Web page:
"It is a lot harder to hit a moving target with a handgun than most people realize."
"Even if you know how to fight, avoid it whenever possible."
"Graveyards are full of people who thought they were hard."
"If any of this is something you have to think about on a regular basis, change your life."
"This is not the way people are supposed to live."- kiloheavy
Don't text and drive... or walk!
"Stay THE F*CK off your phone and pay attention to your surroundings."
"Best way to get knocked over the head and your pockets ran is with your nose in your phone and your earbuds in."- mediaG33K
Sometimes best NOT to give the benefit of the doubt...
"Don't talk to any strangers and don't let them stop you on the street."
"Just keep walking."- gmilfmoneymilk·Vivien Leigh Quote GIF by Top 100 Movie Quotes of All TimeGiphy
No matter where you are, it's always best to be aware of your surroundings.
And whenever possible, wise to avoid walking alone at night.
That's why we have Lyft.
Good smells and bad smells are generally considered pretty universal, but there are definitely some outliers.
Most people can't stand the smell of gasoline, but there are quite a few people who find the smell pleasant.
Redditor Psycho_Bunny_Cutie asked:
"What's a weird smell you're willing to admit you like?"
"Not getting sprayed directly because I've never had that happen so I don't know if I'd like it, but the lingering aftermath."
"My friend's dogs got sprayed and I helped get them bathed. It almost drove them out of their house, but I liked the smell. It lingered for months."
Disney Home Video
"I remember liking the smell of Disney VHS cases."
"Omg. This unlocked a memory for me. I also loved this. But I haven’t done it in so long that I had forgotten. But this comment literally brought the smell right back. Thank you!"
"Me toooooo. Holy sh*t. I feel like it’s 1995 and I’m on the living room floor about to pop in Pocahontas for the 4th time today."
"I dont know if this counts, where I used to live is very common to hug people all the time, and if I have been in someone's home before, the place would have a particular smell, and almost everytime I would hug them, they would smell like their home. It always felt good to make that association, it was comforting somehow."
"Same for me, and then when you're out and about and you catch a wiff of something that smells the same even if it's been years they pop into your mind."
"The smell of brand new tech gadgets. It smells of technology. Whenever I buy a new mouse or keyboard (it is especially true for logitech products I don't know if it is a general thing) I sniff them as long as I can detect that sweet plastic-y, ultra clean-smelling goodness."
"Back when CD's were the dominant form of data transfer, I would LOVE every time a new one was opened, just sniffing the new CD."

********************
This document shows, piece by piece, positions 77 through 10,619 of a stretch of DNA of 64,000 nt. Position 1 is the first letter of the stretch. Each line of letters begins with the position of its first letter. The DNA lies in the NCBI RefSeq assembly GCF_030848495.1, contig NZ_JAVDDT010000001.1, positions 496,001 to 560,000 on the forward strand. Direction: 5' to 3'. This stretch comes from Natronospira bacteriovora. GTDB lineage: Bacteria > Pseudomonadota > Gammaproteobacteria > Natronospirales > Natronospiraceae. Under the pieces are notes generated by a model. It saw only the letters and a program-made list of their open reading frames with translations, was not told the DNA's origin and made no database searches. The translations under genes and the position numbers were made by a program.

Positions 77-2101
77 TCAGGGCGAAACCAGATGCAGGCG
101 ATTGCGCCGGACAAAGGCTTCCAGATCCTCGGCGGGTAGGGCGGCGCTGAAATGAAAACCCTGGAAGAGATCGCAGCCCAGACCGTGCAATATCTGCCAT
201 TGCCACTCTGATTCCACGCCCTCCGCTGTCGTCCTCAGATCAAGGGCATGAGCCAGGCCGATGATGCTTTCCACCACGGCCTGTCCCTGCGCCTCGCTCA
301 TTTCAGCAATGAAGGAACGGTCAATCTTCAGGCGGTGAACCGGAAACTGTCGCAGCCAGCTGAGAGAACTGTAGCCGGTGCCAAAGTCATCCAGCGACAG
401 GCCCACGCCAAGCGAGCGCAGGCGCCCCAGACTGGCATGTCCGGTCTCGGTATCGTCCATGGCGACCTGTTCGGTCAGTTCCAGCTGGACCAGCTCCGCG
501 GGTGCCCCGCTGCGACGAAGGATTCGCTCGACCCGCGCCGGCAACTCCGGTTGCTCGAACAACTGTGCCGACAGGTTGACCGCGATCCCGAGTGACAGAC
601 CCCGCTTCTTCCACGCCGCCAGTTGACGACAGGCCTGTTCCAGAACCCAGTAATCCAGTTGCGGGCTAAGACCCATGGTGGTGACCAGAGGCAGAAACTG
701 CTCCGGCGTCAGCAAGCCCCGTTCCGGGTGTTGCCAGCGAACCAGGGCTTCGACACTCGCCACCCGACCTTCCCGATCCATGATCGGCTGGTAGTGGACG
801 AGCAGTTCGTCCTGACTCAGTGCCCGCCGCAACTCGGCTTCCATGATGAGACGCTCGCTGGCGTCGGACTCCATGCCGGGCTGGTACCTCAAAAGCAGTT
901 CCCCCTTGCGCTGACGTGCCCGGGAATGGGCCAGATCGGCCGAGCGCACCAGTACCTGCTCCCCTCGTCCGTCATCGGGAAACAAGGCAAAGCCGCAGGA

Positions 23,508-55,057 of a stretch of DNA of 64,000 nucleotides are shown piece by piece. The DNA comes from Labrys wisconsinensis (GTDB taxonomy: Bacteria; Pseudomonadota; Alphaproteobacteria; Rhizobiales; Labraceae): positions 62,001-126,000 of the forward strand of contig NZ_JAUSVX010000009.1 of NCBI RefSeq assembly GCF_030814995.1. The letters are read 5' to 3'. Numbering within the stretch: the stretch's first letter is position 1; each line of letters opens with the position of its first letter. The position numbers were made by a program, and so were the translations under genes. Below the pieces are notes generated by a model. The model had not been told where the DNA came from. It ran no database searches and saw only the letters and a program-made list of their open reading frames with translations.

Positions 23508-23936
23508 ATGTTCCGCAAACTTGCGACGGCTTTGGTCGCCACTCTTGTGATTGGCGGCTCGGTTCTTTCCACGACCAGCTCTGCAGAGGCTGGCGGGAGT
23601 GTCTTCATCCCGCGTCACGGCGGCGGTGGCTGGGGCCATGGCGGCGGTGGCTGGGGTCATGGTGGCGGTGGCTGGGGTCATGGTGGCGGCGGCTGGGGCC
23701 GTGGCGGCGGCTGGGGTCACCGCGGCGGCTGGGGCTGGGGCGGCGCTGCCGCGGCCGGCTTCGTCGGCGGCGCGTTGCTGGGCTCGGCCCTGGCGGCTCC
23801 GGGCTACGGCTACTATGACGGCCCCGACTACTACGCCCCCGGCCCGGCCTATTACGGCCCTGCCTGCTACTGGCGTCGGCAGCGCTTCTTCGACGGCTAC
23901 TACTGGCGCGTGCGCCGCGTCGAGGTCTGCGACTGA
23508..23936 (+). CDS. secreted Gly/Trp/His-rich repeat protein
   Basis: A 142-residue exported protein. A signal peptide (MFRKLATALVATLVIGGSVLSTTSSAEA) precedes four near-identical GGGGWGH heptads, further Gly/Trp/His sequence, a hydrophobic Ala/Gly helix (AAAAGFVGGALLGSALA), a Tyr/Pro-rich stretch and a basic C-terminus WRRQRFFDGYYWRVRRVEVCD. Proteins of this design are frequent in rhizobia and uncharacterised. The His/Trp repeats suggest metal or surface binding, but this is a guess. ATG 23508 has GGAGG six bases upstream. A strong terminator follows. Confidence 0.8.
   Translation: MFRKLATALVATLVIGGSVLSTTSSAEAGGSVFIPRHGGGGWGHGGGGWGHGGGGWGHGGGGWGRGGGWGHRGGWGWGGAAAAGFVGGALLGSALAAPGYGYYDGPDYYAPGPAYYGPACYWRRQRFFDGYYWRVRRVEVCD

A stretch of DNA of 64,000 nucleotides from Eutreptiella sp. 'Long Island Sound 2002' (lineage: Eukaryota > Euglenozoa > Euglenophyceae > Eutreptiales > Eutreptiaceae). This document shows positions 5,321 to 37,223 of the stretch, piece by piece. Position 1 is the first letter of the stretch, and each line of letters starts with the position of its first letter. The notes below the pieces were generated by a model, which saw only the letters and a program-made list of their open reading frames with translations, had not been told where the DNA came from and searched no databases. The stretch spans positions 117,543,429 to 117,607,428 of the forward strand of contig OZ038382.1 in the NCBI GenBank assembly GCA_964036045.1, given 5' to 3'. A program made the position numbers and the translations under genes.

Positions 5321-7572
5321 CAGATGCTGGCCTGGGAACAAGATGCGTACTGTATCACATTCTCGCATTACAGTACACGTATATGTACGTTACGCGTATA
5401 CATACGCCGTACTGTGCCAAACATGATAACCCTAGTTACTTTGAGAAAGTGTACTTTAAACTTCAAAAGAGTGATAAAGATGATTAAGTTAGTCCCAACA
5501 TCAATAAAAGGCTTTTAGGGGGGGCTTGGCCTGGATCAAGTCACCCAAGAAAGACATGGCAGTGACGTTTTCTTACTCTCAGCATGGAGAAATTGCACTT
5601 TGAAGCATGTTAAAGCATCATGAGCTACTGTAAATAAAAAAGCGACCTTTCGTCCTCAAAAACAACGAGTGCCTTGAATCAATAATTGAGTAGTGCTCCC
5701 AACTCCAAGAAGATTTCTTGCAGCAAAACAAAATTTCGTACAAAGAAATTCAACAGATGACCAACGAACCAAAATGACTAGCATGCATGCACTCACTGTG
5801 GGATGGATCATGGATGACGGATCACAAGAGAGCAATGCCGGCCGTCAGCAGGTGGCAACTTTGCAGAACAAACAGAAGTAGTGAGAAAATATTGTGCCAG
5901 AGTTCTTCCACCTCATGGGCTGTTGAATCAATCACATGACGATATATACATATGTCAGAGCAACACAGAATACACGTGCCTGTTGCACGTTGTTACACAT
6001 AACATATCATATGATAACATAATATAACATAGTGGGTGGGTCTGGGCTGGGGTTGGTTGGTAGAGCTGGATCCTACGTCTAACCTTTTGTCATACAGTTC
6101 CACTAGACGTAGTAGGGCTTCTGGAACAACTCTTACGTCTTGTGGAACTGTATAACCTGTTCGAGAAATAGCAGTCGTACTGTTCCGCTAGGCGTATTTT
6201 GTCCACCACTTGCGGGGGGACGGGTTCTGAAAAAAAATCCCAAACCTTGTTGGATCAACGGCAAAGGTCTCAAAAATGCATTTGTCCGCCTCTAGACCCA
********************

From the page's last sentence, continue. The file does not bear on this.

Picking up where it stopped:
"Years later, I discovered a nearly identical (to me) smell that works just as well... fresh saffron. Saffron smells like new CD's to me, and I love it."
"Ah, back in the old days, the smell of papers that the teacher handed out that were fresh off those old hand-cranked mimeograph machines. The solvent. Mmmm."
- whazzup_b*tchesFast Times At Ridgemont High GIF by FilminGiphy
"Pvc pool toys when you're unfolding them before you blow them up."
"I bought a shower curtain the other day and instead of a light plastic smell it smelled heavily of inflatable pool toys, best shower ever."
"I love the smell of basement- which I don't know if is weird, but I'm the only one I know who likes it."
"Yessss, also sometimes underground parking garages or stairwells have it. Everyone always thinks I’m an idiot when I bring it up."
"The smell of Home Depot"
"I have long been hoping for Yankee Candle to team up with Home Depot to a lumber aisle scented candle."
Hot Pavement And Rain
"Hot parking lot when it first starts to rain."
"The best! I can smell it now. Thanks for that. That smell in a sun shower is like the best feeling you could ever feel."
"Matches after the flame goes out."
"Ooooh I like the smell when you blow out a candle."
- Kaisa_is_shortLighting Up GIF by GifGariGiphy
While there are some smells that seem like everyone must hate them, there's always going to be someone who thinks they smell better than roses.
We know "metal detectors" and "cool" aren't typically used in the same sentence, but rock with us on this one.
Imagine if you found something really undeniably awesome. Would it make the hours of pacing and searching worth it?
Reddit user heloooreddit asked :
"People who metal detect, what's the coolest thing you've found?"